Drawing With Textures

Texture Brush Demonstration Application

This article provides an extension to the technique demonstrated in Creating Single Pixel Dotted Lines to show how you can easily create a brush for drawing shapes from any bitmap, picture or device context.

Texture Brushes

GDI provides two different classes of bitmaps for drawing with, neither of which are completely supported in standard VB. The standard type is a solid brush, which can either be generated for any RGB colour or can be borrowed from the system for any of the System Colors. The second type is a brush based on any bitmap. The article Creating Single Pixel Dotted Lines demonstrated how to create a bitmap brush by generating a bitmap from its bits at runtime; this article provides an equivalent class which generates the bitmap brush from any picture, hDC or bitmap you care to provided to it.

The cTextureBrush Class

The cTextureBrush class wraps the bitmap brush functionality of GDI into a class which is simple to use with VB. To create an instance of the brush, use the CreateFromPicture or CreateFromDC methods. Once you've done that, you can draw lines, rectangles and filled rectangles using the DrawLine and Rectangle methods. Note that the optional oForeColor and oBackColor arguments will only do something if you've created your texture brush from a monochrome bitmap.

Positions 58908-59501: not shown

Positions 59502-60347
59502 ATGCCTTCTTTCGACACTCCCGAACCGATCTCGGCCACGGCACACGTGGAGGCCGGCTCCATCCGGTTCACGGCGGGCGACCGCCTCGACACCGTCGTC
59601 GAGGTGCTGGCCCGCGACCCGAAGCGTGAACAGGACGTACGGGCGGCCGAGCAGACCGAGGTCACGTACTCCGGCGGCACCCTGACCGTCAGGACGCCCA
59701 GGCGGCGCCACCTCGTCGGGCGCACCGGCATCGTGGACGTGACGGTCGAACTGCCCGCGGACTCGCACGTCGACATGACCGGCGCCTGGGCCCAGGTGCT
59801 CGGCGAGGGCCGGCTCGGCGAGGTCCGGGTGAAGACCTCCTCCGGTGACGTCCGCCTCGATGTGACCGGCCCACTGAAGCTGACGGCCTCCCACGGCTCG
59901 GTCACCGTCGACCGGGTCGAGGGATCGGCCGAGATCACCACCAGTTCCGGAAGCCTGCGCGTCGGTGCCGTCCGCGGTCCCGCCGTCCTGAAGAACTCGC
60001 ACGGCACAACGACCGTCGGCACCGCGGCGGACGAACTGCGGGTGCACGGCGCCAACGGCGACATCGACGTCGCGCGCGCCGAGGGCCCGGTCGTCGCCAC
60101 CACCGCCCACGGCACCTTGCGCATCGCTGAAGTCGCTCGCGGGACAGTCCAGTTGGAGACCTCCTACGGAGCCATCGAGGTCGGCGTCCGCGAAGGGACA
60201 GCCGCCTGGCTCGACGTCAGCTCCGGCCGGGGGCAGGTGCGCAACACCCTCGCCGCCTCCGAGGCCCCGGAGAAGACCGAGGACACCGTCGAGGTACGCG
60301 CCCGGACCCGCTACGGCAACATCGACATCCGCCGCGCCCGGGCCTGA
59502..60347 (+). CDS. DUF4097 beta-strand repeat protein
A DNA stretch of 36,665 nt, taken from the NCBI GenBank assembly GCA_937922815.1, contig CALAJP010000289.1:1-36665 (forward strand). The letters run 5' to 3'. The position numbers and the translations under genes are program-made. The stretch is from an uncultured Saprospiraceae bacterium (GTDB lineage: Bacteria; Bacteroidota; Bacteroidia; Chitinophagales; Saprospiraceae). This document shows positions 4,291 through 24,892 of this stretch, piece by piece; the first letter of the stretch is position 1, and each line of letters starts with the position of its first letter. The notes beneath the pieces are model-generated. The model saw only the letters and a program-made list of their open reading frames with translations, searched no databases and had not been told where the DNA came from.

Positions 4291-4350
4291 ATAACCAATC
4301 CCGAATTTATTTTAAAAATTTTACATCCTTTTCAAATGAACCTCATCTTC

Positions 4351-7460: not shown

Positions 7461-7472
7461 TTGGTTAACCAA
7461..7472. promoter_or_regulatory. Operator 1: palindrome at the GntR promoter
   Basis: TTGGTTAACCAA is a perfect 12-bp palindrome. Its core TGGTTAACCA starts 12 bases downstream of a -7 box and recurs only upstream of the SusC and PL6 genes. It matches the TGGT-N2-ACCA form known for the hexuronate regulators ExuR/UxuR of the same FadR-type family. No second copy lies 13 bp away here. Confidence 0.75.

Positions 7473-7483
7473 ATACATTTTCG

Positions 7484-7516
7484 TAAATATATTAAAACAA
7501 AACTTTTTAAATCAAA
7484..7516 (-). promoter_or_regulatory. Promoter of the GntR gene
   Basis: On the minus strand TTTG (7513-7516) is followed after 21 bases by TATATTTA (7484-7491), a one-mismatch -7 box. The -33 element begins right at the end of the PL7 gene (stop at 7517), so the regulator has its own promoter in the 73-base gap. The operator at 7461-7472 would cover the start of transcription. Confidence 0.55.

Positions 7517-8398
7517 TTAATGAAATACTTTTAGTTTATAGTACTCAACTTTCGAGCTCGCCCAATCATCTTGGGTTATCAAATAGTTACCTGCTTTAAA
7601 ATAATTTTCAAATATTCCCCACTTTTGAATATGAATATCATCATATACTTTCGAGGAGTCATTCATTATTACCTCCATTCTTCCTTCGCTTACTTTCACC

A Little Fun

The most typical use of a texture brush is to tile a background with an image. This is quicker and easier than the tiling code I used before in articles like Tiling Bitmaps into Controls, Forms and MDI backgrounds and the Popup Menu ActiveX DLL, but then you live and learn!

Any bitmap brush allows you to set its drawing origin relative to the DC you're drawing onto; this function is provided in the cTextureBrush class by the SetBrushOrigin method. If you draw a series of random rectangles using the cTextureBrush class at random positions, and then adjust the offset by a random amount between (say) 0 and 7, then you can create some unusual noisy effects like the one shown below:

Effect of moving the
brush origin between each draw.